Stocks slipped on Friday as Wall Street attempted to find its footing after a brutal week of selling.
The Dow Jones Industrials decreased 110.66 points to 29,816.41.
The Dow briefly bounced above the 30,000 mark after falling below that level on Thursday for the first time since January 2021. The 30-stock average is down 5% for the week, on track for its 11th negative week in 12.
The S&P 500 dropped 4.76 points to 3,662.01.
The broader index is down 6% and could be headed for its worst weekly performance since March 2020. All 11 of its sectors are at least 15% below their recent highs.
The NASDAQ Composite recovered 92.6 points to 10,738.70. The tech-heavy NASDAQ is down about 6% for the week.
Shares of Intel, Cisco and Salesforce jumped more than 1% on Friday, bringing the Dow slightly higher. All major sectors moved lower on Friday, with the exception of health-care, which traded marginally higher.
Beaten-up tech shares staged a short rally on Friday, with shares of Tesla, Amazon and Netflix up 1%. Travel stocks Airbnb, Carnival and Norwegian Cruise Line added about 1% each.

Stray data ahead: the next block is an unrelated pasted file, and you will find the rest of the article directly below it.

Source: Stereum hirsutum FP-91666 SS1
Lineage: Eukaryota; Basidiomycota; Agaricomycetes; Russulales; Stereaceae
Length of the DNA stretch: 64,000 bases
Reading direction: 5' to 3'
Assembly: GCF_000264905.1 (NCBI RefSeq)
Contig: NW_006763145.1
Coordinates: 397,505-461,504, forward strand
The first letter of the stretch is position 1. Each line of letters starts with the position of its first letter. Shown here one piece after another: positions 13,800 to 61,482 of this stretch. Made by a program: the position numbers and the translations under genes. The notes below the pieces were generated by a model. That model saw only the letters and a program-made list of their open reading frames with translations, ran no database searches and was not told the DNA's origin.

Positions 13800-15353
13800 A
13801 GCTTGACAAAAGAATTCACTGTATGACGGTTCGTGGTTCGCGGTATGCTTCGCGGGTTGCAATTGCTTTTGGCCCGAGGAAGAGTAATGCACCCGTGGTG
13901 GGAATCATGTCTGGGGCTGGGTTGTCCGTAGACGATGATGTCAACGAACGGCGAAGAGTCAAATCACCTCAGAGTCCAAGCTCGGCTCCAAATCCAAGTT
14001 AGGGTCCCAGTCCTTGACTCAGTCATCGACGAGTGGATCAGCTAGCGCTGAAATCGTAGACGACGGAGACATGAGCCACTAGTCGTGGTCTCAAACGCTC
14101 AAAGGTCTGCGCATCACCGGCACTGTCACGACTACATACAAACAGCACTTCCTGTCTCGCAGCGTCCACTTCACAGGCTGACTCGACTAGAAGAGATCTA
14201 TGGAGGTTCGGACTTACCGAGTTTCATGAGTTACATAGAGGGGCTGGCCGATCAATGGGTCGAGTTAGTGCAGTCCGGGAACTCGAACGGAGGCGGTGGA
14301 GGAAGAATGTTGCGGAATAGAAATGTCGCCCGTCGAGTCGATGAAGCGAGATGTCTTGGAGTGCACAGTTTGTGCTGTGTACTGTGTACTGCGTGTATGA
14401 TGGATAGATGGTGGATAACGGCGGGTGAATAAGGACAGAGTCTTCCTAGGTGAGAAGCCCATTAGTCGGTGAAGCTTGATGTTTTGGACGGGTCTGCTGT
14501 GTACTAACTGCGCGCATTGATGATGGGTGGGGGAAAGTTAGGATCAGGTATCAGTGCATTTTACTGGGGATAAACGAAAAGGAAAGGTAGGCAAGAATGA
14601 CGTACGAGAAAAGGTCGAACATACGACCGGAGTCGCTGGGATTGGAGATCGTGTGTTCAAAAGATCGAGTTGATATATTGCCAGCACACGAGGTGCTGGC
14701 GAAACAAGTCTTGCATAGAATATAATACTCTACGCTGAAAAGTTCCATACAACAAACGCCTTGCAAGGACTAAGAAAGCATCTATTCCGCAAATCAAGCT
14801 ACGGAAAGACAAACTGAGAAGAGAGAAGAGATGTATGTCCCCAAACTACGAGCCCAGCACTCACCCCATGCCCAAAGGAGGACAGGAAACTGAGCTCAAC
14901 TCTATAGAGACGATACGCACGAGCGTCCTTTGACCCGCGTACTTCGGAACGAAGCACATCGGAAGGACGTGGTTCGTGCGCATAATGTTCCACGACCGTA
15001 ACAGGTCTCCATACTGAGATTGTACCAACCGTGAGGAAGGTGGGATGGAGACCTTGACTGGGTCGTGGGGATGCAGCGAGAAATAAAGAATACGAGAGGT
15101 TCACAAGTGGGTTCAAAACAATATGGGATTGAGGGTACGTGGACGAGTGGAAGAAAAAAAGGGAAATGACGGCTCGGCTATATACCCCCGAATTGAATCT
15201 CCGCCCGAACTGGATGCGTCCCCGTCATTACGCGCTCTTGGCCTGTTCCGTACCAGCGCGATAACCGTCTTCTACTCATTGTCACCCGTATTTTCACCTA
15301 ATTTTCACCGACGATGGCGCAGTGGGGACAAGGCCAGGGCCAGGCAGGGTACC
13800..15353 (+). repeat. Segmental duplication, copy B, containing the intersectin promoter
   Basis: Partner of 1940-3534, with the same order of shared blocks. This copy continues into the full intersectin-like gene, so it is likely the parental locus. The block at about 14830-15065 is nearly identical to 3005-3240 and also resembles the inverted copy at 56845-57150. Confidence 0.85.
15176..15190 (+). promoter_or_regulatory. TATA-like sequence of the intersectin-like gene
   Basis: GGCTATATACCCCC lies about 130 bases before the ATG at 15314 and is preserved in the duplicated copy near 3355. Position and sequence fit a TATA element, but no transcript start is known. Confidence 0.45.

The moves come as investors are increasingly worried about a potential economic slowdown. Several key pieces of economic data fell short of forecasts this week, ranging from May retail sales to housing starts. Additionally, the Federal Reserve raised its benchmark interest rate by the most since 1994.
Market volatility could be heightened Friday thanks to “quadruple witching.” This refers to the simultaneous expiration of stock index futures, single-stock futures, stock options and stock index options.
This event happens once a quarter and typically leads to a surge in trading volume, making for choppy trading action as traders close out positions.
Treasury prices re-strengthened, lowering yields to 3.21% from Thursday’s 3.25%. Treasury prices and yields move in opposite directions.
Oil prices slid $6.05 to $111.54 U.S. a barrel.
Gold prices faltered $5.80 to $1,844.10 U.S. an ounce.